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Wire temperature control

Discussion in 'General Electronics Discussion' started by alexis damianidis, May 17, 2015.

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  1. alexis damianidis

    alexis damianidis

    May 17, 2015
    I would like to know how I can determine and control the temperature of a wire at a specific point of temperature.
    I want to control the temperature from 100 to 300 celcius.
    I have an MOSFET and is controller by an MCU.It will be able to variably change the voltage and increase the temperature of the wire.I just do notr know how I can control the temperatute to certain values from 100c to 300c
    Is there any algorithm?
    I am thinking of using a ni200 nickelium wire
  2. hevans1944

    hevans1944 Hop - AC8NS

    Jun 21, 2012
    Welcome to Electronics Point!

    Can you provide some details of what you are trying to do? There are many ways to sense temperature, some more practical than others.

    I would suggest you measure the resistance of the wire at several temperatures between 100 and 300 C using an oven and an accurate thermometer. Then plot the resistance versus temperature on a graph and fill in the blanks by fitting a curve to the data points. You can use this information to build a look-up table that translates resistance to temperature, or try to fit an analytical curve to the data and use the equation for that curve to relate wire resistance to wire temperature. You will need to measure the current and the voltage drop across the wire with the MCU to calculate the resistance and from that the temperature. I would suggest using the MCU to control the current (constant current drive), increasing or decreasing according to whether the wire temperature is too low or too high.

    There are many temperature control algorithms, but PID is traditionally used as a starting point. I would start with a simple proportional controller (the P part of PID) and go from there. A lot will depend on how accurate you need to control the temperature, the amount of power available to heat the wire, the amount of heat loss and thermal mass the wire sees as a thermal load. Please provide details of your application. Are you building a vape?

  3. Harald Kapp

    Harald Kapp Moderator Moderator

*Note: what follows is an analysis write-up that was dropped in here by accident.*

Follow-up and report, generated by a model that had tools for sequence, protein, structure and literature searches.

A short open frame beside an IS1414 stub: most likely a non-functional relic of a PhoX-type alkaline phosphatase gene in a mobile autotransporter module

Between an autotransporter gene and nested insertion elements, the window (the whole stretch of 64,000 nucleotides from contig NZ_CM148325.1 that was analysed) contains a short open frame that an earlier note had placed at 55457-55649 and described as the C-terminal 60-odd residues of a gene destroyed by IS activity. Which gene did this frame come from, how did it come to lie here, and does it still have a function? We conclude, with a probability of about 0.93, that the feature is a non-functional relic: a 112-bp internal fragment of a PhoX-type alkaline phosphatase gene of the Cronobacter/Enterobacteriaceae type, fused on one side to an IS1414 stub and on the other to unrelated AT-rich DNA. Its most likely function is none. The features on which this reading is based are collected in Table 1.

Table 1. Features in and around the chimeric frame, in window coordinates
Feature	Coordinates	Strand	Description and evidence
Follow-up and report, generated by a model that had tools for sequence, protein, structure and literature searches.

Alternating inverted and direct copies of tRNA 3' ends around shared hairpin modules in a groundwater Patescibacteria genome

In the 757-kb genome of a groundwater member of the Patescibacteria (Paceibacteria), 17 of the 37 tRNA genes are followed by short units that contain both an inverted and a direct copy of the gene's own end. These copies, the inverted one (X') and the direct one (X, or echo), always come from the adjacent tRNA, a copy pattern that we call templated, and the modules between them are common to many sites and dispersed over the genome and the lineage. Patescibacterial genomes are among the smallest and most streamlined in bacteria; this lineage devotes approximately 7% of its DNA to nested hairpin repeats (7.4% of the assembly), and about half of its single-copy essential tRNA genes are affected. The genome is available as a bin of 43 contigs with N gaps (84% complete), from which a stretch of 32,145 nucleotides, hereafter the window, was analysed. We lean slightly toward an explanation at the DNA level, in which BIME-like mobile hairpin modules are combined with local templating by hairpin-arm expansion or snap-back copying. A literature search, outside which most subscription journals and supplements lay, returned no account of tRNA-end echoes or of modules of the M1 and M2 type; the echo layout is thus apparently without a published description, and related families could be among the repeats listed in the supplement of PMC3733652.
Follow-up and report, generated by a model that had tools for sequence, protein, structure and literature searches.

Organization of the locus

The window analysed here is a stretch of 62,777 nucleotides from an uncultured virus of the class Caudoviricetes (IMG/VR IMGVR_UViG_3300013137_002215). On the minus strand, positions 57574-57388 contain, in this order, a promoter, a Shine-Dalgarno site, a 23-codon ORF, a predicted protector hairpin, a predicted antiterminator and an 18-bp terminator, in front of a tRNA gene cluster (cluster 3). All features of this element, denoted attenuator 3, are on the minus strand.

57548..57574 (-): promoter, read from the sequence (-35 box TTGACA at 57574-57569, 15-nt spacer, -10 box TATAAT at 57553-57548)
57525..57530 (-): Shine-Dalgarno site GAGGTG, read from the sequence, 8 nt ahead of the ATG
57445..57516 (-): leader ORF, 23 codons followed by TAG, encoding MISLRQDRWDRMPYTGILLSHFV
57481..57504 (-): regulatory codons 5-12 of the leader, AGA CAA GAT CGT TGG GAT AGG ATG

Nov 17, 2011
    Welcome to electronicspoint.

    Many. Which one to use depends on the accuracy that you need.

    The most simple algorithm is to apply a defined power for each temperature setting. This will be rather inaccurate as this method does not account for heat energy lost from the wire due to e.g. radiation or heat transfer to another object.

    Another method requires to sense the temperature of the wire. Turn on power if the temperature is lower than the setpoint, turn off power if the emperature is higher than the setpoint. This is what a typical thermostat ofr your appartment heating does (bang-bang control).

    From there on you can make the control algorithm more and more sophisticated, e.g. use a PID controller (which requires some tning to work correctly).

    As a note on the side: As a wire is thermally slow (change of temperature with power), I suggest you use pulse width modulation (PWM) to control the amount of power to the wire.
    Last edited: May 18, 2015
  4. poor mystic

    poor mystic

    Apr 8, 2011
    All good suggestions I am sure.
    On the hardware side, I suggest that switching the MOSFET fully on and fully off many times per second, with a variable duty cycle, would be a much better way to control the power dissipated in the heating resistor than having your transistor switched half-on, half off in a variable resistance mode.
    hevans1944 likes this.
  5. Harald Kapp

    Harald Kapp Moderator Moderator

    Nov 17, 2011
    That's what PWM is all about.
  6. HellasTechn


    Apr 14, 2013
    Πατριώτη !

    Welcome. It is always a good idea to provide a little more information about what you want to do in order to get proper assistance :)
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